EIU study finds US and other leaders maintaining strength while developing economies gain momentum.
India has become more competitive in information technology compared to other countries , the Business Software Alliance (BSA) reported today with its publication of the 2011 edition of the Economist Intelligence Unit's IT Industry Competitiveness Index.
Updated for the fourth time since 2007, the Index benchmarks 66 countries on a series of indicators covering the critical foundation areas for IT innovation: overall business environment; IT infrastructure, human capital; research and development (R&D); legal environment and public support for industry development.
The 2011 IT Industry Competitiveness Index is available for download on BSA’s website at www.bsa.org/globalindex, along with interactive ranking tables, detailed country summaries, industry case studies, and video interviews with IT experts.
India promisingly climbed 10 spots to 34th in the worldwide rankings on the strength of a strong showing on indicators of human capital and research and development (R&D), among other criteria. This is an outstanding improvement and India was one of the most significant improvers of any countries studied.
Topping the overall rankings for 2011 are the United States, Finland, Singapore, Sweden, and the United Kingdom.
This year’s Index finds that economies traditionally strong in IT are maintaining their positions of leadership in part because “advantage begets advantage” — they have built up solid foundations for technology innovation through years of investment, and they are continuing to reap the benefits. But the global field of competition is becoming more crowded as new challengers, especially in developing Asia, raise their game to meet the standards leaders have set. This shows that with the right investments and improvements to regulatory settings, Asia’s voice is getting louder and with continued effort in the future it will be fair to say that “investment begets advantage” as well.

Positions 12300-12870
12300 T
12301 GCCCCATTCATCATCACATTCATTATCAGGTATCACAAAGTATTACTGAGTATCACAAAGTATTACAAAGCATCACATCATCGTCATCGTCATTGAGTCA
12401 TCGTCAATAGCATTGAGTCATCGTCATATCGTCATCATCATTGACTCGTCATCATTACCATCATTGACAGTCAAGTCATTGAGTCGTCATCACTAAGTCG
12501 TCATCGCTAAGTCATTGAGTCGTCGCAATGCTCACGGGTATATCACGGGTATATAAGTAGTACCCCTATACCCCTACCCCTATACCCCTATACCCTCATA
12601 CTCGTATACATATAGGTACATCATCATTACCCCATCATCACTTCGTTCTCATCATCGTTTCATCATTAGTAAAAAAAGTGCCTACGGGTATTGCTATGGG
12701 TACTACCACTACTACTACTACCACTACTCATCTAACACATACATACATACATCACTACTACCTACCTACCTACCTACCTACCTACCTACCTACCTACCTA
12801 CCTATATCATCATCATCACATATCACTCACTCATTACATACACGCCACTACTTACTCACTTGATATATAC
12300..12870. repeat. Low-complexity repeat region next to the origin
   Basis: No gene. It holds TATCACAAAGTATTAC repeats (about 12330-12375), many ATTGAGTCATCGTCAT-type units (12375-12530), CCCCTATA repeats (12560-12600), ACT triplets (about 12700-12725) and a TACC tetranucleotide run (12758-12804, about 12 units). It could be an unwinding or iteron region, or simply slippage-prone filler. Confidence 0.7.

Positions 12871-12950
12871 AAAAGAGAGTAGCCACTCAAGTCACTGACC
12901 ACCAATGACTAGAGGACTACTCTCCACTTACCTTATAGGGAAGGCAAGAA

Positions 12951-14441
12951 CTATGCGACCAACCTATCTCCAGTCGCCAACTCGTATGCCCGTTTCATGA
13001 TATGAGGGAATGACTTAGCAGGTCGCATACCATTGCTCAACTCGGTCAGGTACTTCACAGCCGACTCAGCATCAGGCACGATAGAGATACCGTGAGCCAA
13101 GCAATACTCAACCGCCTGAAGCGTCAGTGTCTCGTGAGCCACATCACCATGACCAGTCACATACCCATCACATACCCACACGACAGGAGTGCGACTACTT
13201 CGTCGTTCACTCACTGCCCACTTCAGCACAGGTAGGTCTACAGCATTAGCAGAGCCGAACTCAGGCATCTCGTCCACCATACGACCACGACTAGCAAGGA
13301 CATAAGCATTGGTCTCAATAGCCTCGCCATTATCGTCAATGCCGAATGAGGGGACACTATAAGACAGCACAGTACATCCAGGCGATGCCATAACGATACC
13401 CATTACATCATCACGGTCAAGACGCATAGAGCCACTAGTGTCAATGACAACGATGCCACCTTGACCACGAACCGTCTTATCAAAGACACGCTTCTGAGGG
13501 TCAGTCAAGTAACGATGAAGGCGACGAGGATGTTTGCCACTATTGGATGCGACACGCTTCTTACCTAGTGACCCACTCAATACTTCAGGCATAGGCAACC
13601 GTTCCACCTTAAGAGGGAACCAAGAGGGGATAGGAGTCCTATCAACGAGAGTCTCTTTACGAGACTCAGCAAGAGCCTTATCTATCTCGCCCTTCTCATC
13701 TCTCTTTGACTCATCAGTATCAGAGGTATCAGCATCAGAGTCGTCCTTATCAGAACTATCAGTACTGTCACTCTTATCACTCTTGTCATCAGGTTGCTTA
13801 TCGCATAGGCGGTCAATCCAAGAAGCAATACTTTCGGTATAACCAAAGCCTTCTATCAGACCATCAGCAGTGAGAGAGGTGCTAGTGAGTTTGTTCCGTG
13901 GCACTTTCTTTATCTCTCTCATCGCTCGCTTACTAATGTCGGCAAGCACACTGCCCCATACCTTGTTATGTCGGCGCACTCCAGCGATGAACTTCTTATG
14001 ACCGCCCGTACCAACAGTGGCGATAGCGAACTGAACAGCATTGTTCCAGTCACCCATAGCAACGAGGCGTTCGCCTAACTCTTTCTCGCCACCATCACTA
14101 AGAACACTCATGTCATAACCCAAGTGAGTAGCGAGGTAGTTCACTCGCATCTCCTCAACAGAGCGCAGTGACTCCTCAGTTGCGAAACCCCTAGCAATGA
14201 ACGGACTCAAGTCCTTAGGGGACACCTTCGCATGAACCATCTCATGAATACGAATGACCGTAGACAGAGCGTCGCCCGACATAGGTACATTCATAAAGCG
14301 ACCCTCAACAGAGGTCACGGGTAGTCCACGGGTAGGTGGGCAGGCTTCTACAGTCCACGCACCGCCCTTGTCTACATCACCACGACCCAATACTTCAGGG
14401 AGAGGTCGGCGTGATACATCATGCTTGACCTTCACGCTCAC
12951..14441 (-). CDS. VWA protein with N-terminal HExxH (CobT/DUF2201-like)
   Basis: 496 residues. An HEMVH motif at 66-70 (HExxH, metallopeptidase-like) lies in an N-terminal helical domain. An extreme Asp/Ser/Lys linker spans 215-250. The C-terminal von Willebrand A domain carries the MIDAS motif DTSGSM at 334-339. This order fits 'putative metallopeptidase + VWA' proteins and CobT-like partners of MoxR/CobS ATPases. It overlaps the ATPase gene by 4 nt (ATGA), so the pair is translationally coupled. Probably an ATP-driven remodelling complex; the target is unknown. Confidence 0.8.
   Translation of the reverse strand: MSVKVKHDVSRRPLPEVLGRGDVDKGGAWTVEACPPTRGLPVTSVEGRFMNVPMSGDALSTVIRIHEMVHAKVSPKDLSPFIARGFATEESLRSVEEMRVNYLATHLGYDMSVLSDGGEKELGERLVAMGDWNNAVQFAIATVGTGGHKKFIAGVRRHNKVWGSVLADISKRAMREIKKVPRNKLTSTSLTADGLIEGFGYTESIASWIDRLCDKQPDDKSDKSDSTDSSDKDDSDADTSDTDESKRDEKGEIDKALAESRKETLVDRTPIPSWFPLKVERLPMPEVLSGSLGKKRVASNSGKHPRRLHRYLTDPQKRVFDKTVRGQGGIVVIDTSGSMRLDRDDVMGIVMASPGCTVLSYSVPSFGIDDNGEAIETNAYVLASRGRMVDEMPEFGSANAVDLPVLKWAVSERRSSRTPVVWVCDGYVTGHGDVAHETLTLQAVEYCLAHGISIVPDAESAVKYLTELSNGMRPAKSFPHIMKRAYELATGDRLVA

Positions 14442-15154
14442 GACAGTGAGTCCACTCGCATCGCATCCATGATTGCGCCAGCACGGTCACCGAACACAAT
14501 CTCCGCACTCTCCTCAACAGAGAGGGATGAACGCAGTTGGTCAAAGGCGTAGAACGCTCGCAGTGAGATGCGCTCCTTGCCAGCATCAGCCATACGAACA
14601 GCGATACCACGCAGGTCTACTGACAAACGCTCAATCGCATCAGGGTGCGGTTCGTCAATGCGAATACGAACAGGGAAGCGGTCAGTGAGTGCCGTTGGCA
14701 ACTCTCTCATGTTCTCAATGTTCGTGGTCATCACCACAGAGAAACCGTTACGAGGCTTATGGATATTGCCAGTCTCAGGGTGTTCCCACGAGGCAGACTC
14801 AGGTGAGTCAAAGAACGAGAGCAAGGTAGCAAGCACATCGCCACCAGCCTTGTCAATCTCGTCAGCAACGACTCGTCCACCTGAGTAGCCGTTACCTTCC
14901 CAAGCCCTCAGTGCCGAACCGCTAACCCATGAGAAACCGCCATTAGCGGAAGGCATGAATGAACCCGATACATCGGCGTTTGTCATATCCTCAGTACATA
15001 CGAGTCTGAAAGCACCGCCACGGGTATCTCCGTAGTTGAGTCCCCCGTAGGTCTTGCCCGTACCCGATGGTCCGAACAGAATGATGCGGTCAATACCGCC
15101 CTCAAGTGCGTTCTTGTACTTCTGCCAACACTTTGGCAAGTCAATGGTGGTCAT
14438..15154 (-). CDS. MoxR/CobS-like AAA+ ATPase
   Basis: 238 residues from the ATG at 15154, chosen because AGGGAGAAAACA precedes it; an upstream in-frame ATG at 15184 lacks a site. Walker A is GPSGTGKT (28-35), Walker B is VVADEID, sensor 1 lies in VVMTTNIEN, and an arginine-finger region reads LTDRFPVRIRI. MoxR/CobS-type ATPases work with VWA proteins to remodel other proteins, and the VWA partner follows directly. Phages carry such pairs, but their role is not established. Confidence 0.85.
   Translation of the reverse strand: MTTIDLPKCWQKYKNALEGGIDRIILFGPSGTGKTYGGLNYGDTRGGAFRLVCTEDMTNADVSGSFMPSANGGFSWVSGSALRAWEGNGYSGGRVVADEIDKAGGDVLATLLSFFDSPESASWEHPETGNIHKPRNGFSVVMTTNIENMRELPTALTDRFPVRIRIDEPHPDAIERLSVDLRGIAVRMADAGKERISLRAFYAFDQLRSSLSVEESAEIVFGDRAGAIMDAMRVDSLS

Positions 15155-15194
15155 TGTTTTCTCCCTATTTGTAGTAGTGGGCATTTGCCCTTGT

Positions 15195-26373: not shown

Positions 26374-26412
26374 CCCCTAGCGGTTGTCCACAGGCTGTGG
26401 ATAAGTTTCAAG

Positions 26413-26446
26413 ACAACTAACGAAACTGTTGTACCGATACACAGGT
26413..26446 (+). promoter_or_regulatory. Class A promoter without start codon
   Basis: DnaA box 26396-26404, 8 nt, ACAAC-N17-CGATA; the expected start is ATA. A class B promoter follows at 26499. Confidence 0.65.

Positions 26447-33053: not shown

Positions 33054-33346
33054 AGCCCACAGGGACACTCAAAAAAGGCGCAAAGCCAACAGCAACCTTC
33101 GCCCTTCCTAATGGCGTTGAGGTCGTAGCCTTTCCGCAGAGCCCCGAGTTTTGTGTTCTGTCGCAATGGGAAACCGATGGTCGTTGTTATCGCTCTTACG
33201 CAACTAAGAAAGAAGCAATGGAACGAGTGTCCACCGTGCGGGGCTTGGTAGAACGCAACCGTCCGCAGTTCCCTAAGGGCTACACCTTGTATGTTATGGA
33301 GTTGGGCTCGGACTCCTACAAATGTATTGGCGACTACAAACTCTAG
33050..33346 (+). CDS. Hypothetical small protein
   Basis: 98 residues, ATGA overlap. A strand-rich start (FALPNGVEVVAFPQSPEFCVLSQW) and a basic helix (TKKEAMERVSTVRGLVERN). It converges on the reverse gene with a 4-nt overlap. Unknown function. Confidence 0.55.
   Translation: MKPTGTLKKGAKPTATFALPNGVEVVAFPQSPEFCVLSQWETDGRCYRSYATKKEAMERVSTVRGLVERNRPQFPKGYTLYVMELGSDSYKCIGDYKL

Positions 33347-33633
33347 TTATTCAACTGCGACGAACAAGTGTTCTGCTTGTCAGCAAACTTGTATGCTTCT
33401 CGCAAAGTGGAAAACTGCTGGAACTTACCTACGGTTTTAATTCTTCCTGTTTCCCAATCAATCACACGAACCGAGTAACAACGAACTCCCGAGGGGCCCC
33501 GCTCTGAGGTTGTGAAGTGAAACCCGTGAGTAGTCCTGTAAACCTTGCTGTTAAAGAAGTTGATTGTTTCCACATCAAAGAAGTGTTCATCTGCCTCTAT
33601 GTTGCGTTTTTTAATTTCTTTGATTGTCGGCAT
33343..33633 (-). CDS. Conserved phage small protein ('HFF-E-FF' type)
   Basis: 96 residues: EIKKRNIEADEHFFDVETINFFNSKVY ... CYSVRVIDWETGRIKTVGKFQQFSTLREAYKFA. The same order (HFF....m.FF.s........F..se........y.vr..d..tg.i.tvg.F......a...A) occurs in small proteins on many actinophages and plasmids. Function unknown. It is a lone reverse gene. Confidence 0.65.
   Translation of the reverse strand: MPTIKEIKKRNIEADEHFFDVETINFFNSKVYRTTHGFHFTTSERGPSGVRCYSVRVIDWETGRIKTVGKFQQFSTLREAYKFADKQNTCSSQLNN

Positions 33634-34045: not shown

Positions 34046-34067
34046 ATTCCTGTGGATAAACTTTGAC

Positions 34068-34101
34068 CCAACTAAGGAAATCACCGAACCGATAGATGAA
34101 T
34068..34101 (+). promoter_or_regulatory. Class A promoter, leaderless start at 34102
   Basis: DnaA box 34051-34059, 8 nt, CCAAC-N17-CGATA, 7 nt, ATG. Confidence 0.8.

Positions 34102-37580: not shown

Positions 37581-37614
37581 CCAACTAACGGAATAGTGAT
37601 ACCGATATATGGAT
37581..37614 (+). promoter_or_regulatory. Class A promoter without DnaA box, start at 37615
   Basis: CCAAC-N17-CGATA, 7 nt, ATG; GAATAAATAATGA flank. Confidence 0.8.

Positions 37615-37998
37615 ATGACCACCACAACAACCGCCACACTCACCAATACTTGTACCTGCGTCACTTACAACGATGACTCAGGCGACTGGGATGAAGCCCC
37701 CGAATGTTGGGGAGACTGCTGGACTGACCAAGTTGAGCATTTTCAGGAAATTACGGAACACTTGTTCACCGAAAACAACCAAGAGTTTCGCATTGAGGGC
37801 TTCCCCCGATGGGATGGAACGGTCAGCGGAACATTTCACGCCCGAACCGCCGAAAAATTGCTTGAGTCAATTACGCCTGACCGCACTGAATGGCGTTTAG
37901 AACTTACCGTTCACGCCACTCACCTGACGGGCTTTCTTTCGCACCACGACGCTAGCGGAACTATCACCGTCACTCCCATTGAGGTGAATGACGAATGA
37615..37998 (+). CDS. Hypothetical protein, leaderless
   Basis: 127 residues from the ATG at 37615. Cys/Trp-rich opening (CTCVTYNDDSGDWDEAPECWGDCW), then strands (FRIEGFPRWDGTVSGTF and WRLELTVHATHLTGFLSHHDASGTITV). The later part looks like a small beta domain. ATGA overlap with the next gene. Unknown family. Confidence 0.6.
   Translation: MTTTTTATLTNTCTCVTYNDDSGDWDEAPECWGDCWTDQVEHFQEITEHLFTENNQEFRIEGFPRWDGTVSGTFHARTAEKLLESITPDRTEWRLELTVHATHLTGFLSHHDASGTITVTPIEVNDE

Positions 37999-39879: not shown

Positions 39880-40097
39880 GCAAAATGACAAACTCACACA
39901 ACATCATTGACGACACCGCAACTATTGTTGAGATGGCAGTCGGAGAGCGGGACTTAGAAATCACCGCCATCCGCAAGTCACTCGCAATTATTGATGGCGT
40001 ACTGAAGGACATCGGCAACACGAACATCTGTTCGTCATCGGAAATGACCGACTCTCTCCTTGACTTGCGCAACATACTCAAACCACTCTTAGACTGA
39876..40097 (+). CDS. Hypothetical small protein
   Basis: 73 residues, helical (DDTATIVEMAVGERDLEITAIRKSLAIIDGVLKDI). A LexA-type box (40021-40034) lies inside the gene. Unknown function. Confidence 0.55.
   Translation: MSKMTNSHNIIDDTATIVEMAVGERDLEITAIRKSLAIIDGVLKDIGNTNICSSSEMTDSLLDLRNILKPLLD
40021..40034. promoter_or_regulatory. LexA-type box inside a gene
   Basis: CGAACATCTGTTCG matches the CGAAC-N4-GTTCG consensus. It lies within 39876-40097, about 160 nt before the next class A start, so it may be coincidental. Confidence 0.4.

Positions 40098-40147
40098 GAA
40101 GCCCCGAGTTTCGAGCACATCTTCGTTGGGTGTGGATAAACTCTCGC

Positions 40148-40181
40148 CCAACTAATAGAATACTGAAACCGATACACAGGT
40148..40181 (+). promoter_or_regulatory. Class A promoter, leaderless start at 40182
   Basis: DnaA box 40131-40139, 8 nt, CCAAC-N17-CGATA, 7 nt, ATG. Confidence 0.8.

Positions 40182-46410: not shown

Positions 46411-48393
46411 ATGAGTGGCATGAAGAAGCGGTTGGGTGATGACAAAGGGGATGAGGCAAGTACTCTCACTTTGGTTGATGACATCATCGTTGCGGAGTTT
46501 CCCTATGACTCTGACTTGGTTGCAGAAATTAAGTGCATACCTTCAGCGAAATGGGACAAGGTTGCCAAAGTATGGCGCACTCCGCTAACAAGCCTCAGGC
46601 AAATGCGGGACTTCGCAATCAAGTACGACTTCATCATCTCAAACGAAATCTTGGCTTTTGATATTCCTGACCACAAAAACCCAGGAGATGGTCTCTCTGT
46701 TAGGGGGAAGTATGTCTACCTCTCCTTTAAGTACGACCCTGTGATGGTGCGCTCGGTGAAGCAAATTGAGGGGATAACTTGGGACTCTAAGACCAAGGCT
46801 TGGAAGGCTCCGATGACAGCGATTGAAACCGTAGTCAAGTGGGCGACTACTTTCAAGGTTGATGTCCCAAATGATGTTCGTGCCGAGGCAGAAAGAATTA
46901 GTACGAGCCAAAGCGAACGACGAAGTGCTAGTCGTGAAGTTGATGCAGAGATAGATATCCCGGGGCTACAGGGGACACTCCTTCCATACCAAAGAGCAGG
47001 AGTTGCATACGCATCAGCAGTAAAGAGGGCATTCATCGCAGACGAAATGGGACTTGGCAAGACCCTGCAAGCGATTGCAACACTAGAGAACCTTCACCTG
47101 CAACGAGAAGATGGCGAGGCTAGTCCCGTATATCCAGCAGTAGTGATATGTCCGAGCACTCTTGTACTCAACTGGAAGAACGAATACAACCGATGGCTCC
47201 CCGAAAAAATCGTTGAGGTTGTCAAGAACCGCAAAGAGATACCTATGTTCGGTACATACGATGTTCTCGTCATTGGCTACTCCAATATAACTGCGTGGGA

“This study demonstrates clearly that India’s IT competitiveness will continue to improve through focused steps which foster creativity and innovation within the IT industry,” said Keshav Dhakad, Chair, BSA India Committee. “India’s competitive momentum is hugely encouraging, since unlocking the next phase of industry growth will require a continued focus on creating a favorable business and legal environment, and improved IT infrastructure. To continue its trajectory as a rising IT power, India will increasingly need a safe and secure digital economy that inspires the trust and confidence of government, business and citizens -- especially as markets across Asia become more competitive,” he added.
“India’s 10 place rise in the global rankings for IT competitiveness is reflective of the continuous focus on increasing R&D and human resource capabilities in India along with creating a dynamic and barrier free environment for the IT industry” said Som Mittal, President, NASSCOM. “India is gradually diversifying its services focus to innovation in new product development and related capabilities reflecting its gradual emergence as a leader in not just IT exports but soon also in IT products.” he added.
“It is abundantly clear from this year’s IT Industry Competitiveness Index that investing in the fundamentals of technology innovation will pay huge dividends over the long term,” said BSA President and CEO Robert Holleyman. “It is also clear that no country holds a monopoly in information technology. There is a proven formula for success, and everyone is free to take advantage of it. Because of that, we are moving to a world with many centers of IT power.”
“India has done well in this year’s rankings because of its performance in Human Capital and Research and Development (R&D),” Holleyman said. “In the years ahead, policymakers in India have an opportunity to build on that momentum in these two sectors. We know from global experience it will be worth the effort.”
The biggest movers in this year’s Index compared to the previous edition in 2009 include Malaysia, which vaulted 11 spots in the overall rankings because of a surge in research and development activity, and India, which leapt 10 spots on the strength of its robust research and development and dynamic human capital environment. A number of other countries — including Singapore, Mexico, Austria, Germany and Poland — posted strong overall gains this year by showing new levels of strength across the board in all IT foundation areas.
“As the global economy starts to recover, it is more important than ever for governments to take a long-term view of IT industry development,” Holleyman said. “Policymakers cannot not just look at this issue on an annual basis or they risk being left behind. They must assess the next seven to nine years, and invest accordingly, in order to make substantive gains in IT competitiveness.”
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